An interview with Carolyn Woo, dean of the College of Business Administration at the University of Notre Dame, on ambitious plans to get the university’s MBA programme towards the top of the rankings.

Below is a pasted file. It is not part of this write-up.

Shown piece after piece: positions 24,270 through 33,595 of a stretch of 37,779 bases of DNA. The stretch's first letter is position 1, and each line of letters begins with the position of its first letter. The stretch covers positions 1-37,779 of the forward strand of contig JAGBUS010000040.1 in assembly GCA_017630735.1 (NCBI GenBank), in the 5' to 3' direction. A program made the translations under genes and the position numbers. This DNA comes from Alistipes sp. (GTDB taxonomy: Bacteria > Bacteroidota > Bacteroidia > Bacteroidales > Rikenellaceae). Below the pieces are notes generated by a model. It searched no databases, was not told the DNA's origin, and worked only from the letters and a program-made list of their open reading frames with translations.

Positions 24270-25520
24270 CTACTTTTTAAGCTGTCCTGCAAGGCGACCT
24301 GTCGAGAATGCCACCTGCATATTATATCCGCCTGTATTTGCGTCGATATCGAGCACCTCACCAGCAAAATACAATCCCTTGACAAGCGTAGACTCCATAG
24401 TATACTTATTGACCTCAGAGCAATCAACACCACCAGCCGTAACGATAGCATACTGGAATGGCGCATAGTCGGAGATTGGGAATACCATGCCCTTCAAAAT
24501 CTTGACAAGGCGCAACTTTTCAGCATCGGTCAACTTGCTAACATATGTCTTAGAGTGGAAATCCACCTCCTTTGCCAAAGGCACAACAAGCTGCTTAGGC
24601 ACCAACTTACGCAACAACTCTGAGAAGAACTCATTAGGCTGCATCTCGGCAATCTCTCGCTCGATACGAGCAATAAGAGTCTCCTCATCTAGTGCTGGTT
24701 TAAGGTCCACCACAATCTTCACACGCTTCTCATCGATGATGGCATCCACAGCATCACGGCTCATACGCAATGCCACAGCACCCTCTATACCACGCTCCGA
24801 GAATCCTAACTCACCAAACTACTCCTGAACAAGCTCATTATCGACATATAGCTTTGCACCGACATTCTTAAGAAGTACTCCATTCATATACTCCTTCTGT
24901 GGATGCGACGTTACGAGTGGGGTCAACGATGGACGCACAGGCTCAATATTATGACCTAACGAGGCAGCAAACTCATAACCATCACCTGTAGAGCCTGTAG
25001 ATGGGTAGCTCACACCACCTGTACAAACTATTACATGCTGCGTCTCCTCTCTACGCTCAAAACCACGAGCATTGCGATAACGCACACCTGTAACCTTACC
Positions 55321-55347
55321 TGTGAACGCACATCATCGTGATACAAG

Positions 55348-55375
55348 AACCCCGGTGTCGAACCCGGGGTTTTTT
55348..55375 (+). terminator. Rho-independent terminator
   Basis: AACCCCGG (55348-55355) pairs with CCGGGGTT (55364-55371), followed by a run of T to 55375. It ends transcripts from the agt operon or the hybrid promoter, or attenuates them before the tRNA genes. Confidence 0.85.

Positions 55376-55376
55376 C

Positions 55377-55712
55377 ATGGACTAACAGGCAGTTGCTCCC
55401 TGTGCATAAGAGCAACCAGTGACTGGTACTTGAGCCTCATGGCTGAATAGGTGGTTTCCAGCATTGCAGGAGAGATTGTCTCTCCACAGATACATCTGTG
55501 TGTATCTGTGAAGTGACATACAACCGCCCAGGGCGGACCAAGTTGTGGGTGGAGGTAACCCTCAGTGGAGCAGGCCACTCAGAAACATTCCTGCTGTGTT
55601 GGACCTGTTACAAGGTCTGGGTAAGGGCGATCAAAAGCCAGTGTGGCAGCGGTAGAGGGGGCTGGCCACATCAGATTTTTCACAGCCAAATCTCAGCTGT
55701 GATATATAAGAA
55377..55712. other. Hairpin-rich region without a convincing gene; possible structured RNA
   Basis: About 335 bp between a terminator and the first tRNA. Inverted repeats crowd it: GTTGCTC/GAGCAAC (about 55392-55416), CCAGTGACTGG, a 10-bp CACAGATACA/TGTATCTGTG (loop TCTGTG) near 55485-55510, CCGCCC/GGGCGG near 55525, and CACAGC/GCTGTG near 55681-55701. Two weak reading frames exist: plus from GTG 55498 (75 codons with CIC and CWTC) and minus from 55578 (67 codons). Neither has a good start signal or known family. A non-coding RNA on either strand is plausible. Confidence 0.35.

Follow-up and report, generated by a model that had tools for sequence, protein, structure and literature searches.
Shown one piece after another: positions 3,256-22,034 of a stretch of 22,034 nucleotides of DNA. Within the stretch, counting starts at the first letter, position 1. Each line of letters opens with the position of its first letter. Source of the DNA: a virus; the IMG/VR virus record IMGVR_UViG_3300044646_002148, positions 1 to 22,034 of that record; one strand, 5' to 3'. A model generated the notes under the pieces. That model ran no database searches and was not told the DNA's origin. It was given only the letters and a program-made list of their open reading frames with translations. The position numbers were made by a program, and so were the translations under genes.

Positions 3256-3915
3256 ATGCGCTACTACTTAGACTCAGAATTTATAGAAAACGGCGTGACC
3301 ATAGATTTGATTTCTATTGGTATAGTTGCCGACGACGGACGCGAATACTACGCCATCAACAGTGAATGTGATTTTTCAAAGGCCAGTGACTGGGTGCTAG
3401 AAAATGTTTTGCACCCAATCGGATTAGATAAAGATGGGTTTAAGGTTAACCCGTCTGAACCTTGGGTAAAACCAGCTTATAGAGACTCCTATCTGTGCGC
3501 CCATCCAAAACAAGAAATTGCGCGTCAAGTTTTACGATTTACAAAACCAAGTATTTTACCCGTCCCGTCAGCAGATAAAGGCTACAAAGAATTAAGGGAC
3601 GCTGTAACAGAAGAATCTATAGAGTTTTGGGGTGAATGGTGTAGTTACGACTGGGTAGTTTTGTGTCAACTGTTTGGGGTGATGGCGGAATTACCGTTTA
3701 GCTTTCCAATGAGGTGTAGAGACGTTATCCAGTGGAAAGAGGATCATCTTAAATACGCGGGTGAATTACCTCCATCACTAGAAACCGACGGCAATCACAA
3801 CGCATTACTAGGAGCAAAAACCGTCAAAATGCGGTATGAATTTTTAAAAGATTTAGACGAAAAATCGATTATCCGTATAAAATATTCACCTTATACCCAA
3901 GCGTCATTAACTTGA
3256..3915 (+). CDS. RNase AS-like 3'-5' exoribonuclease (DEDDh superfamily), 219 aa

p. When the College of Business at the University of Notre Dame in the US appointed a new dean in 1997 it came up with an unusual choice: Carolyn Woo, a specialist in strategy, entrepreneurship and technology, born in Hong Kong.p. “I am very different to the Notre Dame profile,” says Prof. Woo. “I am not an alumnus; I’m not a man and I’m not a Caucasian.” But Notre Dame needed something out of the ordinary (and in fact it courted Prof. Woo assiduously during most of the 1990s).p. Although the college’s undergraduate and postgraduate accounting programmes are highly rated, its MBA programme languishes in the lower reaches of business school rankings. The aim is to get the programme within the top 25 within five years.p. “Notre Dame’s MBA programme is about 30 years old but up to now has not had a culture of strongly promoting and marketing itself,” says Prof. Woo. “It’s a sort of a gracious mentality that education is not for promotion. But the market place has changed in the past 10 years. Until about two years ago we didn’t have a formal placement office for the MBA, again stemming from the notion that education is to prepare your mind, not to prepare for a job.”p. Prof. Woo has adopted a five-point plan to achieve her goal, starting with improving the marketing of the programme and, crucially, increasing the size of the programme and the quality of students admitted.p. The 1998 incoming class has about 120 students in the main two-year programme (up from 90 in 1997) and there are plans to expand it to 130 in two sections.p. The college has a significant war chest in the form of fellowships (scholarships at the postgraduate level) to attract the brightest and the best. Last year it handed out about $1.4m fellowship money.p. Currently about 30 per cent of MBA students are international, mainly from Asia, Latin America and Europe. “We try to keep it about that level, though we could go higher if we wanted,” says Prof. Woo. “But about 15 per cent are also minorities, so 45 per cent of our students are non-US mainstream.” Prof. Woo is also boosting the curriculum, particularly the provision of new elective courses in areas such as entrepreneurship, organisational consulting, accounting and finance.p. “The third area,” says Prof. Woo, "is placement. We are building a new placement centre to be ready by this summer. What we are trying to improve is the number of offers per student and the salaries per students.p. “The next is our day-to-day operations. We’re really tightening that process to make sure we render excellent services and we do it in a way that is efficient. So there is a lot of process re-engineering that has to be done.”p. The fifth area is culture. Like the university, the college has a strong sense of the Catholic religion and a commitment to the teaching and practice of business ethics. Prof. Woo, herself a Catholic, comments: “One reason I came to Notre Dame was because I wanted to be a part of an ”caps">MBA programme that had a very strong sense of values and a strong sense of stewardship in addition to being very rigorous.p. “I am concerned that we are training young people and preparing them to succeed beyond their wildest imagining. It is not unusual that three years or even one year after graduation students start making $100,000 – $150,000, carrying wonderful titles and wonderful responsibilities. But I don’t want to prepare people who are casual and dismissive about decision making. I don’t want them to be arrogant.”p. The teaching of ethics is a tradition at Notre Dame. There are four professors whose main area of research and teaching is ethics and about 15 others who do secondary work in this area. “but,” says Prof. Woo, “it’s about more than ethics, or ethics as a course. It’s more a sense of who we are, what are our values, and what are the roots from which we go into the world to do this work. There’s nothing wrong with an MBA or a business career or business success but it’s about whether you can handle the seductions that come with it.”